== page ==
Haskell Tutorials

Learning Haskell is notoriously hard. Especially if you've been working with JS, PHP, Java, Ruby, et al. Haskell forces you to think differently, and that's exactly what makes it worth the effort.

But it doesn't have to be a frustrating experience. Join us as we simplify and demystify Haskell.

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What makes Haskell fundamentally so hard to learn?

I believe that a unique mix of language features – static-typing, type-inference, immutability, purity, and laziness – makes Haskell fundamentally very different from every other popular language, like Ruby, Java, Python, C, or Javascript. It forces you to change the way you think about problems, and how you structure your solutions.

I spoke at length about "Why Haskell is hard to learn and how to deal with it", in my talk at Functional Conf 2019.

How is this website making Haskell easier to learn?

By making sure you start building things with Haskell faster. Seeing ideas come to life is the most exciting feeling for a developer. It kickstarts a positive feedback-loop that makes you want to invest more time in learning.

Think about losing a pound of weight, or gaining a pound of muscle-mass. It motivates you to hit the gym. Learning Haskell is like hitting the gym. Lots of hard-work for a delayed pay-off. We're making sure that you start seeing small wins much faster.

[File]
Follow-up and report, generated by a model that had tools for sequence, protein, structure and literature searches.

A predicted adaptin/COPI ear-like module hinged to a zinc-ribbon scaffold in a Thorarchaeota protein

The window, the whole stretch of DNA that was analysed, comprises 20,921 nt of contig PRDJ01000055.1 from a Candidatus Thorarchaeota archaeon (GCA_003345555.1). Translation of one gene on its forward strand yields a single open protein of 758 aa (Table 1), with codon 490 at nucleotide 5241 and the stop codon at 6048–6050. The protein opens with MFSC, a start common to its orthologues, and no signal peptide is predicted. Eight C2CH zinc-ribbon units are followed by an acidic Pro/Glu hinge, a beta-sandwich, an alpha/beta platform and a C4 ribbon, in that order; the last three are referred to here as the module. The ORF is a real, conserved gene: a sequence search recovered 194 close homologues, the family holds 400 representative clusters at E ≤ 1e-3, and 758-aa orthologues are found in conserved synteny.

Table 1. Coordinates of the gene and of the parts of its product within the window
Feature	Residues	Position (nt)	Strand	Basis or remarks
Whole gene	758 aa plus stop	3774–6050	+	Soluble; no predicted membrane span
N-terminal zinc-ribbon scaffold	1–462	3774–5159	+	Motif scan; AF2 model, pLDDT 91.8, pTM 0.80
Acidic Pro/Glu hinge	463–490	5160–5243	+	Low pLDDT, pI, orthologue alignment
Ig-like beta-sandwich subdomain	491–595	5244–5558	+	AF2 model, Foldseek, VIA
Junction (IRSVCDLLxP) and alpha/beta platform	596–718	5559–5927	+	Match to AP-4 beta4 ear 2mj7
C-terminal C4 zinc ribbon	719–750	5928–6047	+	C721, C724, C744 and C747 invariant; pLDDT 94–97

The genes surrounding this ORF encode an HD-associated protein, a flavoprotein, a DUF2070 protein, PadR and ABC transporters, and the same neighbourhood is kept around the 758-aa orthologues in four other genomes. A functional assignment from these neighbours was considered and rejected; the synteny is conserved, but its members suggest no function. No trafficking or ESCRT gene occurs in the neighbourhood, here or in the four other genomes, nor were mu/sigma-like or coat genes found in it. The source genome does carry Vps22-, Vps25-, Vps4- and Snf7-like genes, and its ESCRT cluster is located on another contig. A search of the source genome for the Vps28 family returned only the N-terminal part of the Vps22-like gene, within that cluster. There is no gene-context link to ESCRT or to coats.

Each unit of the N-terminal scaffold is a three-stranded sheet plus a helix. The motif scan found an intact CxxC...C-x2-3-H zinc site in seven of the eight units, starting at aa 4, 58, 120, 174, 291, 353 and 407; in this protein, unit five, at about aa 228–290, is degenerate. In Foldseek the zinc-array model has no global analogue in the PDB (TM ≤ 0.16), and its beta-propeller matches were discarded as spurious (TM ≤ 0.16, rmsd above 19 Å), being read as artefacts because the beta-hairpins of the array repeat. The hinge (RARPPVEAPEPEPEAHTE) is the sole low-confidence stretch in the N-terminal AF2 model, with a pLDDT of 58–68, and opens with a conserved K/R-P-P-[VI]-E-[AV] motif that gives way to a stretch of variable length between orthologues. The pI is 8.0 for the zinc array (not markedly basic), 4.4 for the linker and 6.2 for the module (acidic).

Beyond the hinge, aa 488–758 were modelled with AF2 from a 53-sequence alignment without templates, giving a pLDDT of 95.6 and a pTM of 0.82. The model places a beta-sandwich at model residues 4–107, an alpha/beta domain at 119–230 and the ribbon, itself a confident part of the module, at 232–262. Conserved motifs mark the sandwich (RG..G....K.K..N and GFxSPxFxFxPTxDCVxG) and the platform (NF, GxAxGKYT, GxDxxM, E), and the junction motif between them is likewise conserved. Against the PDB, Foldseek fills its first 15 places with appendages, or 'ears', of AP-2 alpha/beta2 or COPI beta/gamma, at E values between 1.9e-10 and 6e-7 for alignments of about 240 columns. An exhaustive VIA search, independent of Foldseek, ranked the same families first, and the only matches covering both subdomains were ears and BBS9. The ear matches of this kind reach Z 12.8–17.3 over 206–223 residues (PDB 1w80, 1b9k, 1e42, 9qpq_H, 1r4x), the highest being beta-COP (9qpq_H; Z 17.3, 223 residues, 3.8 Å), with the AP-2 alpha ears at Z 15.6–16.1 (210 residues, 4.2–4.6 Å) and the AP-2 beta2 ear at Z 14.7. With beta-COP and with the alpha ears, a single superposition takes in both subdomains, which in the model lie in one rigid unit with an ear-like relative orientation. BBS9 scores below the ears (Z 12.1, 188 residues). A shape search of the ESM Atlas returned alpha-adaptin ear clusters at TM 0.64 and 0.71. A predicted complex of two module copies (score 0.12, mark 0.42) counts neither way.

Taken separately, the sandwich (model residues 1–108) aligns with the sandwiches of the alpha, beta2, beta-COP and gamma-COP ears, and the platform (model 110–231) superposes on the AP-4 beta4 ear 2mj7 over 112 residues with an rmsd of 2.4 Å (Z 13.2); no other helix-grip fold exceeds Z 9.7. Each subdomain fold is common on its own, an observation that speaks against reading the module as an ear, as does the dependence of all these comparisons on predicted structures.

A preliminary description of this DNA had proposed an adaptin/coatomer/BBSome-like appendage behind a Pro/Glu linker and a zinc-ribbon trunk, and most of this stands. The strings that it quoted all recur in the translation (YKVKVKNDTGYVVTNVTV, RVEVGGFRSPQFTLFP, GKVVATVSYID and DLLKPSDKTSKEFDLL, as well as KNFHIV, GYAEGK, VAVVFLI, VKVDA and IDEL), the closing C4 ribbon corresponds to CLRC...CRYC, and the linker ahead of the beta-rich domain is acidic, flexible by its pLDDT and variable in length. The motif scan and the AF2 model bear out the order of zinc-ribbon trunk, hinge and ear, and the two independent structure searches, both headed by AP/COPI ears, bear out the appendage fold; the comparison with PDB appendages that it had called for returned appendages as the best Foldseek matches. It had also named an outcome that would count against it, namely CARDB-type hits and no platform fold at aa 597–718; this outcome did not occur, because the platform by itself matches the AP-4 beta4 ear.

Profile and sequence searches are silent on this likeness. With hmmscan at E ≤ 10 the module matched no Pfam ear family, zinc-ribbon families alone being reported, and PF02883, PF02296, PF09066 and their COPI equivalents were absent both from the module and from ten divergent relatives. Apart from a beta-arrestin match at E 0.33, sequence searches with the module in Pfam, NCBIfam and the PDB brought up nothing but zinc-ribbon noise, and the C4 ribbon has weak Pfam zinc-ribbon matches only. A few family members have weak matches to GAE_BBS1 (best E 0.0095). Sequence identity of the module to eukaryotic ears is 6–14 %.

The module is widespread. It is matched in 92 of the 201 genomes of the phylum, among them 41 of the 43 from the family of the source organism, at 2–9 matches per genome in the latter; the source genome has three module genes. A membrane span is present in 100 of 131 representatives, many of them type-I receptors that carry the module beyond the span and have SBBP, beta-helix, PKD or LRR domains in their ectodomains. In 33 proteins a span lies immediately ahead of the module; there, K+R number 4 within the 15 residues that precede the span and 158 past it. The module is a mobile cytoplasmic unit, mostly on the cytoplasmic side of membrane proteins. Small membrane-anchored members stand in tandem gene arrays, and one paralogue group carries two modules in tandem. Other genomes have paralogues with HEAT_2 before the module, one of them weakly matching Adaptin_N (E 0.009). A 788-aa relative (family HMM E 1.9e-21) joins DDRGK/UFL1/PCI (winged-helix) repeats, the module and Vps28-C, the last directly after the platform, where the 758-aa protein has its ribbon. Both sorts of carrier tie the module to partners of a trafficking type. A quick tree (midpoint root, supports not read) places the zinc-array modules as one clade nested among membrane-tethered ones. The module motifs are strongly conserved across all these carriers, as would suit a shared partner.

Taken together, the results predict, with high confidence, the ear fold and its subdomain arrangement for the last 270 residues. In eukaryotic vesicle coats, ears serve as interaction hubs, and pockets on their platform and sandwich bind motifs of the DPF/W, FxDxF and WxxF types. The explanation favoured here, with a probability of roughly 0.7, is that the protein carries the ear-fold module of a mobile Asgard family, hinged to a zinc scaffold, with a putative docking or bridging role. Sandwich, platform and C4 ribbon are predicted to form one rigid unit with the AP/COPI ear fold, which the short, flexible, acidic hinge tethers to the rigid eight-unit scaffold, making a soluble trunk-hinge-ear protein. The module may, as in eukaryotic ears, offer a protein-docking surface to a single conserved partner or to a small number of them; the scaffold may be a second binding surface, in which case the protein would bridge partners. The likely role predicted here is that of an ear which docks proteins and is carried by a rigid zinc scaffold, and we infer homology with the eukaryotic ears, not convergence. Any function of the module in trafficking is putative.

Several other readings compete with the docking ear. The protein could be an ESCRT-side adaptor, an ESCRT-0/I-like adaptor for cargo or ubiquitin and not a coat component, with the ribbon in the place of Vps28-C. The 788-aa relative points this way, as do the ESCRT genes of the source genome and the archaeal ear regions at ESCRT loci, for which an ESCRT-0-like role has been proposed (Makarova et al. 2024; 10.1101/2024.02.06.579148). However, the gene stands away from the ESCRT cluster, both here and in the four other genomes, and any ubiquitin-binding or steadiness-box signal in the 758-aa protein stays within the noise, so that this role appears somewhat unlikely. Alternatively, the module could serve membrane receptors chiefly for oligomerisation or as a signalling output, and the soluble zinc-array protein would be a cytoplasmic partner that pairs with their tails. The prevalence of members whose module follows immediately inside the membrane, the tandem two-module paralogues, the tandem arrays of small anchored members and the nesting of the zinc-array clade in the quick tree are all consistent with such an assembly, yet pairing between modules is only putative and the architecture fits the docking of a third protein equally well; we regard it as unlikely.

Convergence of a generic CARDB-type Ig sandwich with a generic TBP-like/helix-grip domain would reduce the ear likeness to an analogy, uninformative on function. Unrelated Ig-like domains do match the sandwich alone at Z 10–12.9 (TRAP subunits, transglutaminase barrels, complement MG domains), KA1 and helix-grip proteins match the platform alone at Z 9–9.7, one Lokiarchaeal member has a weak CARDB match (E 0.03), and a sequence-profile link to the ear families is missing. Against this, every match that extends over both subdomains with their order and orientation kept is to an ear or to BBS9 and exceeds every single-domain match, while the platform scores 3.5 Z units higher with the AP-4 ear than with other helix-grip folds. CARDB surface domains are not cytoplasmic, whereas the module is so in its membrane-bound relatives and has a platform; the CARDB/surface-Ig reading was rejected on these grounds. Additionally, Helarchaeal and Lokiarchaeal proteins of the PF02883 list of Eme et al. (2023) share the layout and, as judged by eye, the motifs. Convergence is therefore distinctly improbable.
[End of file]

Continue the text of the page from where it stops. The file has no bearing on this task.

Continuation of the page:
Unforunately, a lot of beginners spend a lot of time with the academic underpinnings of Haskell, and go down unproductive rabbit-holes that cause confusion, frustration, and ultimately cause them to abandon this journey altogether. We will stay away from category theory or type-system theory for as long as possible.

Instead, we are interested in showcasing Haskell for its industrial strengths: what it enables one to build, the whole categories of bugs (pun intended!) it eliminates, and the brilliant refactoring + maintenance experience it enables.

Who is writing this content?

Saurabh Nanda

Founder, Vacation Labs

In 2016, after evaluating several typed-FP languages, my journey of learning Haskell began. It was a very long, and very frustrating experience. Trying to teach Haskell to other team-members was a whole new challenge altogether.

Since 2016, we've managed to put 60,000+ lines of Haskell into production at Vacation Labs, where we're building a travel-commerce product. (The other technologies are Rails and AngularJS).

I'm a self-taught programmer, and have built fairly large systems in Ruby, Javascript, Common Lisp (yes!), PHP, and Java throughout my career. I've even sneaked Haskell into a voluntary government project!

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Haskell without the theory

A "work-in-progress" book with Haskell tutorials for beginners. If you are completely new to Haskell this is where you should start.

Opaleye tutorial

A tutorial for the Opaleye DB library. We use it in production at Vacation Labs.

Haskell on AWS Lambda

A very detailed tutorial on how to use Haskell on AWS Lambda without any external dependencies, like node or serverless-haskell. We use the techniques described in this tutorial in production (at Vacation Labs).

Getting started with Odd Jobs

A guide to help you get started with Odd Jobs, a Postgres-backed job-queue that was open-sourced from production code at Vacation Labs.